Spread the love

To improve security in the palaces, Quebec promises to train more constables

Photo: Marie-France Coallier Le Devoir Currently, there are not enough special constables to ensure the proper functioning of all courtrooms. Some sometimes have to be closed, particularly in Montreal.

Stephanie Marin

10:12 p.m.

  • Quebec

A week after a violent stabbing attack at the Longueuil courthouse, Quebec announces that it wants to train more special constables, for a total of 144 over the next 14 months.

Most of the time, they are special constables who provide security in the courtrooms and who walk the corridors of the courthouses where many accused and offenders circulate. Currently, there are 456 employed by the Ministry of Public Safety who perform these functions.

There are, however, not enough of them to ensure the proper functioning of all courtrooms, and some must sometimes be closed, particularly in Montreal, due to the lack of a constable to ensure the safety of the judge and the other people present. The Ministry of Public Security estimates that 110 are missing across Quebec.

After a 68-year-old court interpreter was attacked and seriously injured on January 9, many voices were raised to demand more security in courthouses, including the addition of arches serving as metal detectors at the entrance. The Longueuil courthouse, unlike that of Montreal, does not have one.

Since the January 9 attack, additional measures have been imposed at the courthouses in Longueuil, Laval and Saint-Jérôme: metal detector sticks are used and searches are carried out at the entrance.

A 44-year-old man was arrested for the attack on the court interpreter and was notably charged with attempted murder.

In a press release released Thursday, the Minister of Public Security, François Bonnardel, claims to have reached an agreement with the National Police School of Quebec (ENPQ) to open four training cohorts starting in March in order to “deal with the operational challenges caused by the shortage of special constables.”

This will have the effect of quadrupling the number of existing cohorts, he says. It remains to be seen whether enough candidates will register for the minister's objectives to be achieved. A recruitment campaign is planned, indicates the Ministry of Public Security.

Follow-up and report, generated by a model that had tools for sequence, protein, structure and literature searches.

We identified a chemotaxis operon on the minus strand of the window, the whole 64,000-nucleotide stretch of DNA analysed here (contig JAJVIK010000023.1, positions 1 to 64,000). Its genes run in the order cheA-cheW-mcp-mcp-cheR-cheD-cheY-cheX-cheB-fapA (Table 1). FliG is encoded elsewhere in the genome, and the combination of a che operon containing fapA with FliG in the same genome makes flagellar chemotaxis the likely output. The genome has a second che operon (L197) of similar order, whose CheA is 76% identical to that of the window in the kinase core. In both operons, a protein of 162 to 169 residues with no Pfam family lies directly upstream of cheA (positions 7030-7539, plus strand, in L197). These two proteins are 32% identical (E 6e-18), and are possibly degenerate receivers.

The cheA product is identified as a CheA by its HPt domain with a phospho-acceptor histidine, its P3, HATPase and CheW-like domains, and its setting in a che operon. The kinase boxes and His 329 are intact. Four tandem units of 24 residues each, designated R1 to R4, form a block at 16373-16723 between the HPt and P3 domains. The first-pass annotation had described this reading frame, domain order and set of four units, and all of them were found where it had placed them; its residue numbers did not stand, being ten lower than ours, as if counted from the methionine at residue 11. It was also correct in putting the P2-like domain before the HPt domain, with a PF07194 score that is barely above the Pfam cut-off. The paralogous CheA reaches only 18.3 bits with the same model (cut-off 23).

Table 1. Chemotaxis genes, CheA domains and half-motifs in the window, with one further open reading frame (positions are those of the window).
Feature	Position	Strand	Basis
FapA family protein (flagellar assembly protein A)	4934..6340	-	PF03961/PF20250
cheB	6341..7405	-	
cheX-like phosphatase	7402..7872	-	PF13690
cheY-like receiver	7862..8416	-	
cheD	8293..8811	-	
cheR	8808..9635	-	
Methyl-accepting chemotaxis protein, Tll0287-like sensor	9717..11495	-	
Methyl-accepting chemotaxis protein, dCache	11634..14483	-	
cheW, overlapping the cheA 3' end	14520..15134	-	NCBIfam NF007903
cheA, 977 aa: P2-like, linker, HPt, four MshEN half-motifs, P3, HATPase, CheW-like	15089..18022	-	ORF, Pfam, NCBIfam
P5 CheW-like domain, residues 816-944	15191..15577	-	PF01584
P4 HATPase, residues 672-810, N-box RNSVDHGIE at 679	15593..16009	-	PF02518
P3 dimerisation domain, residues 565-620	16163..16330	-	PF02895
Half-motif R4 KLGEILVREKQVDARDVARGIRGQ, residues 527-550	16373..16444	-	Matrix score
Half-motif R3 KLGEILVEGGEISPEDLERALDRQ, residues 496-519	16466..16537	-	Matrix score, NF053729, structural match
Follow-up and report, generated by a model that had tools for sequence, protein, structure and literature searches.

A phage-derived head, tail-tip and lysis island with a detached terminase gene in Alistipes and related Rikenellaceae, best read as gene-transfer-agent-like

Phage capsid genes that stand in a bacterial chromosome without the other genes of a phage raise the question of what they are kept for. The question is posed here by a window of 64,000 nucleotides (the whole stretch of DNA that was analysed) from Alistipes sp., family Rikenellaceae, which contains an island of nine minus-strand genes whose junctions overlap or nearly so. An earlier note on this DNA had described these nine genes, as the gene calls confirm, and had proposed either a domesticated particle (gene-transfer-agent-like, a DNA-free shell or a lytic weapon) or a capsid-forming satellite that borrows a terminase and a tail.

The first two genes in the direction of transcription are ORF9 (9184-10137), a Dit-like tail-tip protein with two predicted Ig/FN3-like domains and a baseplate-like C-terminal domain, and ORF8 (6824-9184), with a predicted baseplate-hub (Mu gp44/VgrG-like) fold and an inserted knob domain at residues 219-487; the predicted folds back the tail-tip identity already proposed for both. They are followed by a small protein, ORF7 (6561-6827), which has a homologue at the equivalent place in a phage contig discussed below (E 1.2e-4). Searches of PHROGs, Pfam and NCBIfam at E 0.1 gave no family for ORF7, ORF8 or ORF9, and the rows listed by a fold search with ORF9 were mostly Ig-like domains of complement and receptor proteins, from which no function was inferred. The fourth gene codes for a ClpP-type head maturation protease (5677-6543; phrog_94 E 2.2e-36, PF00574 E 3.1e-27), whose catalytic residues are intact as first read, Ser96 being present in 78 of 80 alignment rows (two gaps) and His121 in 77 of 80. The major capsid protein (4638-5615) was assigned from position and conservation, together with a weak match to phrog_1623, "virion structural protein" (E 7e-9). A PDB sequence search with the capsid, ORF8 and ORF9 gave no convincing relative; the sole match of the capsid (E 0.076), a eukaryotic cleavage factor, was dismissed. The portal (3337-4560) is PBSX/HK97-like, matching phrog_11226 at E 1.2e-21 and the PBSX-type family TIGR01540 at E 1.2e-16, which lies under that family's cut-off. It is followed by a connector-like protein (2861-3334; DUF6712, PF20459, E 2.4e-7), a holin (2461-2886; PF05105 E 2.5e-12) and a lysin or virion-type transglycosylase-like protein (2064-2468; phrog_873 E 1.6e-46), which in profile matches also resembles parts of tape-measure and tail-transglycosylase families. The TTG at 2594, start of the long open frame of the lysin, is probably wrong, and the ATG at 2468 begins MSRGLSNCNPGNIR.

“We are taking a step forward to tackle the shortage of special constables, and I thank the ENPQ for its collaboration, as well as all our teams of constables in the field who ensure the security of the population on a daily basis”, underlines Mr. Bonnardel in a press release.

The training for special constables lasts 10 weeks: 1 week online, 8 weeks at the ENPQ and 1 week of integration in a courthouse. The first cohort is scheduled for March 2024 and the last, for January 2025.

Common front for security

Thursday morning, a common front composed, among others, of criminal and penal prosecutors, defense and legal aid lawyers, special constables, interpreters and translators officially demanded more security in courthouses by sending a letter to Prime Minister François Legault and the Ministers of Justice and Public Security.

They say they have been “highly concerned” for several years by the lack of adequate security: “It therefore appears essential to us that each courthouse be equipped with permanent security arches and that a sufficient number of special constables be assigned,” their they ask. “The safety of all is at stake,” they wrote in concluding their missive.

After Thursday's announcement, the president of the Union of Special Constables of the Government of Quebec, Franck Perales, applauded the minister's gesture. According to him, the addition of 144 constables is good news, but “we still have to keep them,” he warned.

Of the last 72 trained, only around ten still exercise these functions, he lamented. Working conditions and salaries must be up to par so that they do not look for another job elsewhere, he said, noting that the government is less and less competitive.

He recalls that in addition to constables, his requests are for the installation of metal detection arches and the use of X-ray machines, which will allow the seizure of weapons that some would be tempted to bring into the palaces. Minister Bonnardel has not yet promised anything in this sense, he said.

However, last week, the office of the Minister of Justice of Quebec, Simon Jolin-Barrette, indicated that analysis work was “already underway in order to plan the addition of arches security in certain courthouses, notably that of Longueuil.”

Teilor Stone

By Teilor Stone

Teilor Stone has been a reporter on the news desk since 2013. Before that she wrote about young adolescence and family dynamics for Styles and was the legal affairs correspondent for the Metro desk. Before joining Thesaxon , Teilor Stone worked as a staff writer at the Village Voice and a freelancer for Newsday, The Wall Street Journal, GQ and Mirabella. To get in touch, contact me through my teilor@nizhtimes.com 1-800-268-7116